According to inside sources, Sen. Charles Schumer (D-NY) negotiated a deal between U.S. Chamber of Commerce President and CEO Tom Donahue and AFL-CIO President Richard Trumka on a compromise guest worker program that will be part of compromise immigration reform that Schumer and the rest of the "Gang of Eight" will introduce on the week of April 8, once the Senate is back from recess.
Here's the key reason why agreement a comprehensive immigration reform package had been held up:
The AFL-CIO and the Chamber had been fighting over wages for tens of thousands of low-skilled workers who would be brought in under the new program to fill jobs in construction, hotels and resorts, nursing homes and restaurants, and other industries.Here's how the guest worker program in the immigration reform bill will work:
Under the emerging agreement between business and labor, a new "W" visa program would bring tens of thousands of lower-skilled workers a year to the country. The program would be capped at 200,000 a year, but the number of visas would fluctuate, depending on unemployment rates, job openings, employer demand and data collected by a new federal bureau pushed by the labor movement as an objective monitor of the market.I want to send a clear message to Sen. Marco Rubio (R-FL), who regards immigration as his signature issue: We have a REAL statesman, who is willing to sit down with key power players to negotiate a compromise on a guest worker program that is part of a comprehensive immigration reform package, in OUR party. Senator Rubio, if you take credit for what Senator Schumer done to help negotiate a deal on immigration reform, I will point to this diary and call you out for lying.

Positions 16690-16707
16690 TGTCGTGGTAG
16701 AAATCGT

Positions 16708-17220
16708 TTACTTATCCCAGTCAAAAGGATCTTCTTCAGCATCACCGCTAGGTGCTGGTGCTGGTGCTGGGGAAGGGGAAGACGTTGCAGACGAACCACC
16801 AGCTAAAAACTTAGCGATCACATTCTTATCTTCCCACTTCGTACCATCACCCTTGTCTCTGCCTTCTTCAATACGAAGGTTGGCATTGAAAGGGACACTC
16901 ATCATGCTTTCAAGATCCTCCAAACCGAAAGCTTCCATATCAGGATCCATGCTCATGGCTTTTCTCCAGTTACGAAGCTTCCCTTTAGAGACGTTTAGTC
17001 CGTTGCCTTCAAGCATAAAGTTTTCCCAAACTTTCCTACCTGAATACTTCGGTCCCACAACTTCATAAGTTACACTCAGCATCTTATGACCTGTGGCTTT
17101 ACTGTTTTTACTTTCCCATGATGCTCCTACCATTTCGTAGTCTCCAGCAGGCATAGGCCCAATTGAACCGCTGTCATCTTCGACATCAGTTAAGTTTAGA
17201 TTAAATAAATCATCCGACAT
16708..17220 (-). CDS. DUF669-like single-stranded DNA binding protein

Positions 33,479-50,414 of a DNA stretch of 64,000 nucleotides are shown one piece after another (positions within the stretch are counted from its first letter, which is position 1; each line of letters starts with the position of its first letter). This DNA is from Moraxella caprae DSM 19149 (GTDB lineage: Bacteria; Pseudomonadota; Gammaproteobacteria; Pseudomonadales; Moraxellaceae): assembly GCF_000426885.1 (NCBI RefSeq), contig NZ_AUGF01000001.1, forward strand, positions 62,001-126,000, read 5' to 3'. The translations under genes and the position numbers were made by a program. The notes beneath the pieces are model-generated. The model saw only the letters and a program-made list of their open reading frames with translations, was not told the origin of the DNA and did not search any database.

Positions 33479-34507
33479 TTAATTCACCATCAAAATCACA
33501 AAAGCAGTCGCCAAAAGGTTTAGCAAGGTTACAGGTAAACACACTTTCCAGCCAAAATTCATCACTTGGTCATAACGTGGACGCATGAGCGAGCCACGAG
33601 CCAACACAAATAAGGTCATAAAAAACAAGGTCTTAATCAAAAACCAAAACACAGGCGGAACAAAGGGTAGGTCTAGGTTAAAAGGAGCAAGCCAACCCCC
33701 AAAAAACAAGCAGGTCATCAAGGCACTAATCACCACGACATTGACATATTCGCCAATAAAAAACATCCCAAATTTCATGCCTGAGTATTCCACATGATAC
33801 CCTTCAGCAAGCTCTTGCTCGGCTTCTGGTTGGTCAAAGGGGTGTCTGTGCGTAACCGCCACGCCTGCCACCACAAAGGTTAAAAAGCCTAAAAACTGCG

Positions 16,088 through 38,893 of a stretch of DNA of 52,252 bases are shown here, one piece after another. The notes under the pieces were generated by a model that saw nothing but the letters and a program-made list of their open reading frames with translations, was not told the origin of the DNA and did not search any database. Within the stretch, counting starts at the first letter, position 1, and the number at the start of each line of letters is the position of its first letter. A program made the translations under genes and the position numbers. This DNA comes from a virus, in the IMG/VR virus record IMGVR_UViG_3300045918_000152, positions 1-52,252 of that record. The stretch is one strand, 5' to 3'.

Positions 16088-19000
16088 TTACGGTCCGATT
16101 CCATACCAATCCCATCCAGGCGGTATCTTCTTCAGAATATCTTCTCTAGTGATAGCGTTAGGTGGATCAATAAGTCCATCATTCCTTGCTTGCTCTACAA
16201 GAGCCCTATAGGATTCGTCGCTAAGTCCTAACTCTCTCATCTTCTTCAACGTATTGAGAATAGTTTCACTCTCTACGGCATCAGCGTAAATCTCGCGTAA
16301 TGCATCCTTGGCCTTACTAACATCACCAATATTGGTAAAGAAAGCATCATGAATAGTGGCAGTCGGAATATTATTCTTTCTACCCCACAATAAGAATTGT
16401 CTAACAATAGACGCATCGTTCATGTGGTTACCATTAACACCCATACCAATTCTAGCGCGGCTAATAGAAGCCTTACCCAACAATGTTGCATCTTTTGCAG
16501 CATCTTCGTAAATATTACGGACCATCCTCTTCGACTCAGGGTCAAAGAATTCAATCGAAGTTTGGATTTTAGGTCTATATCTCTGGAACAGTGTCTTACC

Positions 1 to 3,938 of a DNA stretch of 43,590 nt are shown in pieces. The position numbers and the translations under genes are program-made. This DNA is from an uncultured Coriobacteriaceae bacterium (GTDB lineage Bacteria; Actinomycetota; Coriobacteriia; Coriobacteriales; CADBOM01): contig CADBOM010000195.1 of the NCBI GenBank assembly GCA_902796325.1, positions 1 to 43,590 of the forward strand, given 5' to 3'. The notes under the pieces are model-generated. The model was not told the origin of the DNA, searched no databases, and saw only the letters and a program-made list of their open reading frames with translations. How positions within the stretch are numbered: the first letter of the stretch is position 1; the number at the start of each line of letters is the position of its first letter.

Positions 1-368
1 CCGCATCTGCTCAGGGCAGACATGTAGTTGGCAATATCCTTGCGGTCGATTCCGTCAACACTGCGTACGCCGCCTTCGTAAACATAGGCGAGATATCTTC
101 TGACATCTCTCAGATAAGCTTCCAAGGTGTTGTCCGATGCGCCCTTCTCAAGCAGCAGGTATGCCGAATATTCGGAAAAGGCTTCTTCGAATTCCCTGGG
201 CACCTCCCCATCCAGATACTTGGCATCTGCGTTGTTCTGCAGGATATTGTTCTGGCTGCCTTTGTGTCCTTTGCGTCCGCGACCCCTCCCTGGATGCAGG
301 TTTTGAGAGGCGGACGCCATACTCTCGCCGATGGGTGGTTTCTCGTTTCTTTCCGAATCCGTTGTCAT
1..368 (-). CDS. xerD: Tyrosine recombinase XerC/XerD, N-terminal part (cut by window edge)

The workers would be able to change jobs and could seek permanent residency. Under current temporary worker programs, personnel can't move from employer to employer and have no path to permanent U.S. residence and citizenship. And currently there's no good way for employers to bring many low-skilled workers to the U.S. An existing visa program for low-wage nonagricultural workers is capped at 66,000 per year and is supposed to apply only to seasonal or temporary jobs.
The Chamber of Commerce said workers would earn actual wages paid to American workers or the prevailing wages for the industry they're working in, whichever is higher. The Labor Department determines prevailing wage based on customary rates in specific localities, so that it varies from city to city.
Also, Senator Rubio, you, and some of your fellow Republicans, were already blaming Big Labor for derailing immigration reform not too long ago. Guess who brought Big Business and Big Labor to the table to negotiate a compromise on a key part of comprehensive immigration reform: Senator Schumer!
Senator Rubio, stick THAT in your pipe and smoke it!